Two hour-long workouts from percussionist Hamid Drake and his long-time collaborator bassist William Parker, alongside London's Black Top (Orphy Robinson and Pat Thomas) and Elaine Mitchener. Blistering!
Damn this is deep; "Some Good News" is a trans-Atlantic collaboration that finds a sweet spot between Hamid Drake and William Parker's legendary rhythms, Black Top's experimental electronics and Elaine Mitchener's avant garde vocal runs. The group clearly enjoys performing with each other as they broach calypso forms and Sarahan rhythms with a sense of humor and hypnotic, spiritual sense of timing. 'Put the Brakes On' winds from psychedelic organ and xylophone into off-planet synth fx and guttural vocal tricks from Mitchener. 'Some Good News' is even wilder, as Black Top duet with Mitchener, mimicking her screams with chirping synth sounds as Drake and Parker thump alongside.
Gut-punching politics inseparable from the music, steeped in revolutionary ‘60s/‘70s jazz, soul, funk and symphonic Blaxploitation soundtrack styles.
“The American Negro is an unapologetic critique, detailing the systemic and malevolent psychology that afflicts people of color. This project dissects the chemistry behind blind racism, using music as the medium to restore dignity and self-worth to my people. It should be evident that any examination of black music is an examination of the relationship between black and white America. This relationship has shaped the cultural evolution of the world and its negative roots run deep into our psyche. Featuring various special guests performing over a deeply soulful, elaborate orchestration, The American Negro reinvents the black native tongue through this album and it’s attendant short film (TAN) and 4-part podcast (invisible Blackness). The American Negro - both as a collective experience and as individual expressions - is insightful, provocative and inspiring and should land at the center of our ongoing reckoning with race, racism and the writing of the next chapter of American history.”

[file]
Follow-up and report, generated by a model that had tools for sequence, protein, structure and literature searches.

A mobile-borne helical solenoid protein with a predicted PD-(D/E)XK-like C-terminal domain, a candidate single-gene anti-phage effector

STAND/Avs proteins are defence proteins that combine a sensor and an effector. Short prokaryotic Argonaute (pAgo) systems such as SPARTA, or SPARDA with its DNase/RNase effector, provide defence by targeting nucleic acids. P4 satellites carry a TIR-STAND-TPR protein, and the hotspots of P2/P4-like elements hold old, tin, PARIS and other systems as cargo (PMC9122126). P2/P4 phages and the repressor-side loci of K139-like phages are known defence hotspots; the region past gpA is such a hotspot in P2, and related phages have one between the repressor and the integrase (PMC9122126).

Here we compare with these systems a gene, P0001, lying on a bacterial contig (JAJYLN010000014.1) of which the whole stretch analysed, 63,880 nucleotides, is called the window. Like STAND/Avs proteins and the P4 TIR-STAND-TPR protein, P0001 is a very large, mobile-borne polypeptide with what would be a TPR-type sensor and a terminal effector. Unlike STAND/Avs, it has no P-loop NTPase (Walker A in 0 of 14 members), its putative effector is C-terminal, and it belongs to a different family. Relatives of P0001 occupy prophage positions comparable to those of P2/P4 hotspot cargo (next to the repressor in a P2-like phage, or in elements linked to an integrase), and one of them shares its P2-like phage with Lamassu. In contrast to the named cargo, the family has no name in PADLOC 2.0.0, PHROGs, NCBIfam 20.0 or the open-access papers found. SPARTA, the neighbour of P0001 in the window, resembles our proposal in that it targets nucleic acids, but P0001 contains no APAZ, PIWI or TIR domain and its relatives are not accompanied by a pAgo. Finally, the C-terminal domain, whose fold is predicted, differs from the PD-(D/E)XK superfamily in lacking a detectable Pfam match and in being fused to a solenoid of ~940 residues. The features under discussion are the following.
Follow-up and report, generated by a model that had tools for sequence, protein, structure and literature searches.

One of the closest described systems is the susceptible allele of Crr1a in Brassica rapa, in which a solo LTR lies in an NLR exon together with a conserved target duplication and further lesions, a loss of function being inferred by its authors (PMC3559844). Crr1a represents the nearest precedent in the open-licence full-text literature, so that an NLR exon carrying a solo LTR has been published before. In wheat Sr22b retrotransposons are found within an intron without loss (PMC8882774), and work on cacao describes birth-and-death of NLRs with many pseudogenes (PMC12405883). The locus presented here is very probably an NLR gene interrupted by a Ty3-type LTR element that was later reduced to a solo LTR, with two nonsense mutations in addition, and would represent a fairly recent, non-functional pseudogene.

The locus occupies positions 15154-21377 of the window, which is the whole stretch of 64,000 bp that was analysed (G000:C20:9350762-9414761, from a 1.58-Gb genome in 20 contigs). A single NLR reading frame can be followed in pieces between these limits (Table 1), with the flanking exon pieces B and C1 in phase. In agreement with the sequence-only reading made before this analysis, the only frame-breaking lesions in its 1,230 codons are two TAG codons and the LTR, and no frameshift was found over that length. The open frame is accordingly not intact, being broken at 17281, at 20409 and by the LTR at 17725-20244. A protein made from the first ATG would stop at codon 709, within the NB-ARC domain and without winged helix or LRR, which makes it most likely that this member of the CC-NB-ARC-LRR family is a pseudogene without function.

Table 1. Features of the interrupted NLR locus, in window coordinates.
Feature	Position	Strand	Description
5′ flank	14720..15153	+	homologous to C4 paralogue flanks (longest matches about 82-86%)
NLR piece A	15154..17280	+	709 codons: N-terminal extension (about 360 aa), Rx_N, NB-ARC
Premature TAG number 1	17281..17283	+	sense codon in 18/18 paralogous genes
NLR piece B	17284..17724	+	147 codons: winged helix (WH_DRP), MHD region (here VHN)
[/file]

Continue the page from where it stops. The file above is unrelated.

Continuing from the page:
new Blanck Mass
"What is the utility of pain? Can it do anything but fester? In Ferneaux explores pain in motion, building audio-spatial chambers of experience and memory. Using an archive of field recordings from a decade of global travels, isolation gave Blanck Mass an opportunity to make connections in a moment when being together is impossible. The record is divided into two long-form journeys that gather the memories of being with now-distant others through the composition of a nostalgic travelogue. The journeys are haunted with the vestiges of voices, places, and sensations. These scenes alternate with the building up and releasing of great aural tension, intensities that emerge from the trauma of a personal grieving process which has perhaps embraced its rage moment.
An encounter with a prophetic figure on the streets of San Francisco presented the question of “how to handle the misery on the way to the blessing.” This is the quandary of the impasse we now all find ourselves in, trapped in our little caves, grappling with the unease of the self at rest – without movement, without the consumerist agenda of “new experiences.” The possibility of growth, always defined by our connections with others, held in limbo. Sartre said that “Hell is other people,” but perhaps this is the Inferno of the present: the space of sitting with the self.
A blessing is often thought of as a future reward, above and beyond the material plane. With In Ferneaux, Blanck Mass wrangles the immanent materials of the here-and-now to build a sense of transcendence. Here, the uncanny angelic hymn sits comfortably beside the dirge. The misery and blessing are one."